Lashawna Tramill, an English teacher at George Wahington High School, firmly believes that data proves the district’s Freshman on Track (FOT) program is working.
FOT is the cornerstone of the district’s efforts to improve graduation rates by focusing on incoming freshmen through an online dashboard, tracking how these students fair using a regular cadence of reports.
The latest data found:
- The district’s FOT rate improved from 65% in 2020-21 to 84% in 2021-22. The goal is 87% for the 2022-23 school year.
- Because of the success of the Freshman on Track program, the district instituted a Sophomore on Track program during the 2021-2022 school year that yielded a 75% on-track rate for the first semester of last year.
- Latino/Hispanic and African American/Black students across IPS showed tremendous growth from the 2020-21 to 2021-22 first semester data. Latino/Hispanic students’ on-track rates increased from 74% to 88% and African American/Black students’ rates increased from 72% to 82%.
In her role as the lead of her school’s FOT team, Tramill crunched numbers regularly while her team reached out to parents and worked with fellow educators to intercede when students were falling behind or simply failing.
“Our team — much like every FOT team at every high school — found success because we diligently collaborated as colleaguesworked around the clock to make sure that freshmen were reaching their potential,” said Tramill, who earned her Bachelors of ECE at Martin University and a M.A.T at Marian University.
“The FOT team met twice a week to review attendance and academic data in order to develop intervention plans for students and families,” she said. “MTSS Tier 1 and 2 interventions were used as a plan to ensure students were able to access academic content and acquire necessary credits needed to graduate on time.”
PROVEN NATIONAL RESEARCH AND STRATEGIES.
“By digging deep into data (from grades to attendance) and creating FOT teams at every high school, educators can intercede when failure is evident, and before it’s too late,” said Dr. Warren Morgan, the district’s chief academics officer.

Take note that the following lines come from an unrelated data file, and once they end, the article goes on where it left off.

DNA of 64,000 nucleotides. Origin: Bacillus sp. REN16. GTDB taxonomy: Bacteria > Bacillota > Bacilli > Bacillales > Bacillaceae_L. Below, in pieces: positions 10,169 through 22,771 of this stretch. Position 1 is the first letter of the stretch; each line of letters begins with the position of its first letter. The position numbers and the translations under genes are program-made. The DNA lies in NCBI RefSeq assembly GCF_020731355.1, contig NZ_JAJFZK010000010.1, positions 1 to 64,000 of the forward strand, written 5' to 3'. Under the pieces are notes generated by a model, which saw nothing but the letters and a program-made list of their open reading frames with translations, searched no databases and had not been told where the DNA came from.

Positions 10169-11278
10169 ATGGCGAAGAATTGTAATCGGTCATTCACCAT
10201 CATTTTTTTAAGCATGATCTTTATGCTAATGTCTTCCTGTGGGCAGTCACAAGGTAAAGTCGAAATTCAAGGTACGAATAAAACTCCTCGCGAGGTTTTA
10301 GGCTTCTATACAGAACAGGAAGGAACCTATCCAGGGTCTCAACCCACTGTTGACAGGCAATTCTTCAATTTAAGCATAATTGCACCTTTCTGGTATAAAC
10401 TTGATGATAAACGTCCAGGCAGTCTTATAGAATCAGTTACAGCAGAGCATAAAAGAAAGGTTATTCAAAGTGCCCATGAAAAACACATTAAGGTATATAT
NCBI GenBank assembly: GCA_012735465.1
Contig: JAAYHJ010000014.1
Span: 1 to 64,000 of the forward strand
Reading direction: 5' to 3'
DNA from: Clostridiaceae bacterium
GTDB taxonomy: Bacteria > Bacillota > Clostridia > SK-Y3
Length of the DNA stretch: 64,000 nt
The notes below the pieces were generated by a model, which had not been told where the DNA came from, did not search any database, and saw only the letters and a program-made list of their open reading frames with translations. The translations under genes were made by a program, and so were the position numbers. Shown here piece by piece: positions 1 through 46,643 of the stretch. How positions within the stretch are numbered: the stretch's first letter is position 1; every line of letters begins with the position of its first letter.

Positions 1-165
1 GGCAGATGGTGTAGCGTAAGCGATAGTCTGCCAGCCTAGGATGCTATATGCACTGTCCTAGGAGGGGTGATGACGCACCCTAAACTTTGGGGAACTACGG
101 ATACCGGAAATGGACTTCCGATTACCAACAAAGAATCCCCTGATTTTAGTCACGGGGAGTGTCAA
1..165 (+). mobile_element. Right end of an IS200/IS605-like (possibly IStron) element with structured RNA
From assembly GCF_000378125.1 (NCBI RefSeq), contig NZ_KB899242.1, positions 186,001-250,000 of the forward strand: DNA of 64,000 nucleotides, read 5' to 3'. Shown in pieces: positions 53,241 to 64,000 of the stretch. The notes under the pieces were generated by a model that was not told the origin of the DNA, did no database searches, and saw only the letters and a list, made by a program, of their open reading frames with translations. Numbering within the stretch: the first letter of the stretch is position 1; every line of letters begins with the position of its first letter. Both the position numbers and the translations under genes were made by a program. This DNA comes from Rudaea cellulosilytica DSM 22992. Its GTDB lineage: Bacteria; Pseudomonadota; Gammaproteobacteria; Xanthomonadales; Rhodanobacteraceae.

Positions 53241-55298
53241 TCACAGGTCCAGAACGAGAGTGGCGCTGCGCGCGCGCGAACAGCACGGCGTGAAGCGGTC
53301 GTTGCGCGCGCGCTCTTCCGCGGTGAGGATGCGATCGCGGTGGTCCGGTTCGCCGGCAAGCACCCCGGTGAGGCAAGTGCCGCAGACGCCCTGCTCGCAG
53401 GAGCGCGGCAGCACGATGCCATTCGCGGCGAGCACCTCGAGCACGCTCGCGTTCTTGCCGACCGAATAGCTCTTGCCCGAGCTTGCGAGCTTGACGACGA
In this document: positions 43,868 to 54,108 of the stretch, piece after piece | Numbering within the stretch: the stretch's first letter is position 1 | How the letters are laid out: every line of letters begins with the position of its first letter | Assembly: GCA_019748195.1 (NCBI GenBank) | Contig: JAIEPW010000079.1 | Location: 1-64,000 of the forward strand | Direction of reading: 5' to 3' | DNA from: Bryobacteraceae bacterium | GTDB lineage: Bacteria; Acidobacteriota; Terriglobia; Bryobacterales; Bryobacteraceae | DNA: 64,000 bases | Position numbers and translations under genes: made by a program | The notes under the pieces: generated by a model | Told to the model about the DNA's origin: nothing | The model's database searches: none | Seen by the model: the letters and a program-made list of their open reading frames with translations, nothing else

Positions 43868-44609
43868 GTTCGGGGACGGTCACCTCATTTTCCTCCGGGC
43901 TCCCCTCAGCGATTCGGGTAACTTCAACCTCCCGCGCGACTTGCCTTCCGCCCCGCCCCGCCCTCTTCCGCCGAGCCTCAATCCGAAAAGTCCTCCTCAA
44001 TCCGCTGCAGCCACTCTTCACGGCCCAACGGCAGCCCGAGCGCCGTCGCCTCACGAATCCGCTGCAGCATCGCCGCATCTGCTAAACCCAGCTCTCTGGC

Morgan and his staff brought proven national research and strategies such as: implementing timely and actionable data; implementing freshman and sophomore teams of teachers; developing a robust menu of student interventions and a comprehensive system of support; adjusting grading policies; providing extra in-class and out-of-class academic and social-emotional support for students; as well as many other proven strategies that promote student success.
A freshman is considered to be on track earning a qnrter of credits needed for graduation by the end of their 9th grade year with no more than onecourse failure. Sophomore on track is when students earn half of their credits by the end of their 10th grade year with no more than one course failure.
Students who end their freshman and sophomore years ‘on track’ are four times more likely to graduate than their peers who are off track, Morgan notes.
REGULAR WORKSHOPS AND MEETINGS TO REVIEW ISSUES
Tramill said her team participated in workshops and team meetings throughout the year where they collaborated around data reports, identified interventions for specific students, celebrated students who showed growth or remained on on track throughout the year, and collectively found solutions to support students on the path to high school graduation.
“These freshmen are like blank slates when they come into high school and this is the time to help them understand how they can make changes to become better students,” she said. “Freshmen are being introduced to the multiple pathways the district offers. At the secondary level, Freshmen are given more responsibility over their academic careers. We want them to make informed decisions so they may graduate on time and be successful post-secondary.
She credits the leadership of Stan Law, the principal at George Washington High School, for much of the success.
“It was challenging the first year back from the COVID-19 pandemic, but Principal Law was extremely supportive in making sure we had what we needed to assist our students,” Tramill said. “When we wanted to incentivize the program, providing prizes for students when they met their goals, he was right there helping us.”
The next step for Tramill and her team begins in a few weeks when classes start. She plans on enlisting students to help make the 2022-23 school year a success by incorporating their ideas.
“We have to include the students’ voices into this in order to take it to the next level,” she said. “This past year was adult driven and adult managed. But, we need the students to help take ownership in their futures. Their voice is the strongest we have here in the district.”